Type of Surgery
Last updated: 02/17/2009
The vagal nerve stimulator has two parts: an electrode that wraps around the left vagus nerve in the neck; and a pulse generator, which is implanted under the skin below the collarbone. The two parts are connected by a wire. Stimulation is performed...
only on the left vagal nerve, as the right vagal nerve helps control the heartbeat.
Surgery to implant a VNS device takes about two hours. A neurosurgeon implants the electrode and generator while the patient is under general anesthesia. A vertical incision is made in the left side of the neck, and the helical electrode is attached to the nerve itself. A second incision is made on the left side of the chest below the collarbone, and the pulse generator (a disc about 2 in [5 cm] in diameter) is implanted under the skin. The connecting wire is threaded around the muscles and bones to join the electrode and generator. The generator makes a small bulge under the skin but is hidden by clothing after the operation.
Before the neurosurgeon closes the incisions, he or she tests the VNS device to make sure it is working, and programs it to deliver the lowest amount of stimulation. The device is usually timed to stimulate the vagus nerve for 30 seconds every five minutes.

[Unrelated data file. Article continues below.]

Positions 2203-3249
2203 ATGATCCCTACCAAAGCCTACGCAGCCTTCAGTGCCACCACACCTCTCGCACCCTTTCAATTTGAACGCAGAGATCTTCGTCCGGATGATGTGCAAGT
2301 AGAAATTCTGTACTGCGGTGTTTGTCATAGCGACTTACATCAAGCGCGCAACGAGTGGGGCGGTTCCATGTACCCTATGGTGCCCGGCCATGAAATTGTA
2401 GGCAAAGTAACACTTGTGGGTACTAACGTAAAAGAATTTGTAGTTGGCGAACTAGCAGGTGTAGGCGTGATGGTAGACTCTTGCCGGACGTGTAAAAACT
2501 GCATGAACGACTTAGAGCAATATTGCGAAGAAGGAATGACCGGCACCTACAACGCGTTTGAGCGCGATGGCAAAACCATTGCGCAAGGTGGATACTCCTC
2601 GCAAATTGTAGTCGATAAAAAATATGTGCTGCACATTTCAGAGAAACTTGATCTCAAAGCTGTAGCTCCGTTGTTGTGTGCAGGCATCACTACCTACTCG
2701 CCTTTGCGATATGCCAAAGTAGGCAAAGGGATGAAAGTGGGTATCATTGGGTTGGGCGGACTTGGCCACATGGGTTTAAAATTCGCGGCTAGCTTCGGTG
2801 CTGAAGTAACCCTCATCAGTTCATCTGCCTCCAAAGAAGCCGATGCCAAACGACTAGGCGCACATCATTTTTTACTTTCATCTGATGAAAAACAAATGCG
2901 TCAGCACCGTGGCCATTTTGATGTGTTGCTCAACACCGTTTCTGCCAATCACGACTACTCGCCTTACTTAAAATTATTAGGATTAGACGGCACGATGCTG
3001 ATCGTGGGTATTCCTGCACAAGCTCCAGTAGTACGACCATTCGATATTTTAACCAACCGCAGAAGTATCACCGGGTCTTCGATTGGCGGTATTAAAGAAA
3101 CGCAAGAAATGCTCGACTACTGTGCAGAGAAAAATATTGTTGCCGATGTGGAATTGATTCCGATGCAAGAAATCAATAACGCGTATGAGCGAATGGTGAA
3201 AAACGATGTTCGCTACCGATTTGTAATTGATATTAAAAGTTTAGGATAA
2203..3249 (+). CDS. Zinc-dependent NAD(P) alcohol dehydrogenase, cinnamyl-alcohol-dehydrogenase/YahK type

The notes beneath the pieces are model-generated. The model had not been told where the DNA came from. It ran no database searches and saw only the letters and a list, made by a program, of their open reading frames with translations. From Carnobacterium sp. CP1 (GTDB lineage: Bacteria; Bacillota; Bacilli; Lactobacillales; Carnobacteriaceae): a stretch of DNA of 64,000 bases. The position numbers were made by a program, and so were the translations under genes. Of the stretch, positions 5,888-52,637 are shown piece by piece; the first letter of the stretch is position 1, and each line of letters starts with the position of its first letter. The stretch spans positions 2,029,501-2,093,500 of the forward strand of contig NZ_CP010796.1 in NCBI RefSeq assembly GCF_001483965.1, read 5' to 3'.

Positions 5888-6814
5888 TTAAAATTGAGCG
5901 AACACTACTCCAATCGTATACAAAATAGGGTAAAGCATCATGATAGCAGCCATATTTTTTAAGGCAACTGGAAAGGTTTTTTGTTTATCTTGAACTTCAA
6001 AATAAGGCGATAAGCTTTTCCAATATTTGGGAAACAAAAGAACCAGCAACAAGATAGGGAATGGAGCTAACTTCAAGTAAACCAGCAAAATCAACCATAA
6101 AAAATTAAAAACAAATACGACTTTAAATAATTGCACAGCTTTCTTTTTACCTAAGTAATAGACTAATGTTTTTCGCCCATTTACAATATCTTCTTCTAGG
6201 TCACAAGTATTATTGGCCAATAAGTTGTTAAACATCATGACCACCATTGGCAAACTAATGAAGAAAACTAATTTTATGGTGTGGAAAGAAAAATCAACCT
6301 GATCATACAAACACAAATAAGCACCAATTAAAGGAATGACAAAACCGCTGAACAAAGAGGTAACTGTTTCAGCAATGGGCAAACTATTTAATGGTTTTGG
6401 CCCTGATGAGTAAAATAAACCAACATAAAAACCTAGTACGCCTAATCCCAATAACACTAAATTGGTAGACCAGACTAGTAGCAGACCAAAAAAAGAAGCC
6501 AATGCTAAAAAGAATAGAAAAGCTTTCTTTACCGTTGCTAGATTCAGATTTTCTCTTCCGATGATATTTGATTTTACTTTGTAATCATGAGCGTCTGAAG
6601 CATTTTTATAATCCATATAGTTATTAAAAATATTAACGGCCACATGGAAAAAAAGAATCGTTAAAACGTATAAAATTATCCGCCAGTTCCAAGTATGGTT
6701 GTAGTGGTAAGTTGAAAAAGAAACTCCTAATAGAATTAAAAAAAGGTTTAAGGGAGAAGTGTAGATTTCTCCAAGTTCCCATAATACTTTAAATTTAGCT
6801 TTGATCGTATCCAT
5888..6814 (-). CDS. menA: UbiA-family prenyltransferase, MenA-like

Vagus nerve stimulation (VNS) is an adjunctive treatment for certain types of intractable epilepsy and major depression. VNS uses an implanted stimulator that sends electric impulses to the left vagus nerve in the neck via a lead wire implanted under the skin.
Vagus, the tenth cranial nerve arises from the medulla and carries both afferent and efferent fibers. The afferent vagal fibers connect to the nucleus of the solitary tract which in turn projects connections to other locations in the central nervous system. Little is understood about exactly how vagal nerve stimulation modulates mood and seizure control but proposed mechanisms include alteration of norepinephrine release by projections of solitary tract to the locus coeruleus, elevated levels of inhibitory GABA related to vagal stimulation and inhibition of aberrant cortical activity by reticular system activation
More than 60 percent of procedures neurosurgeons perform are spine-related, according to the National Neurosurgical Procedural Statistics 2006 Survey from the American Association of Neurological Surgeons (AANS).
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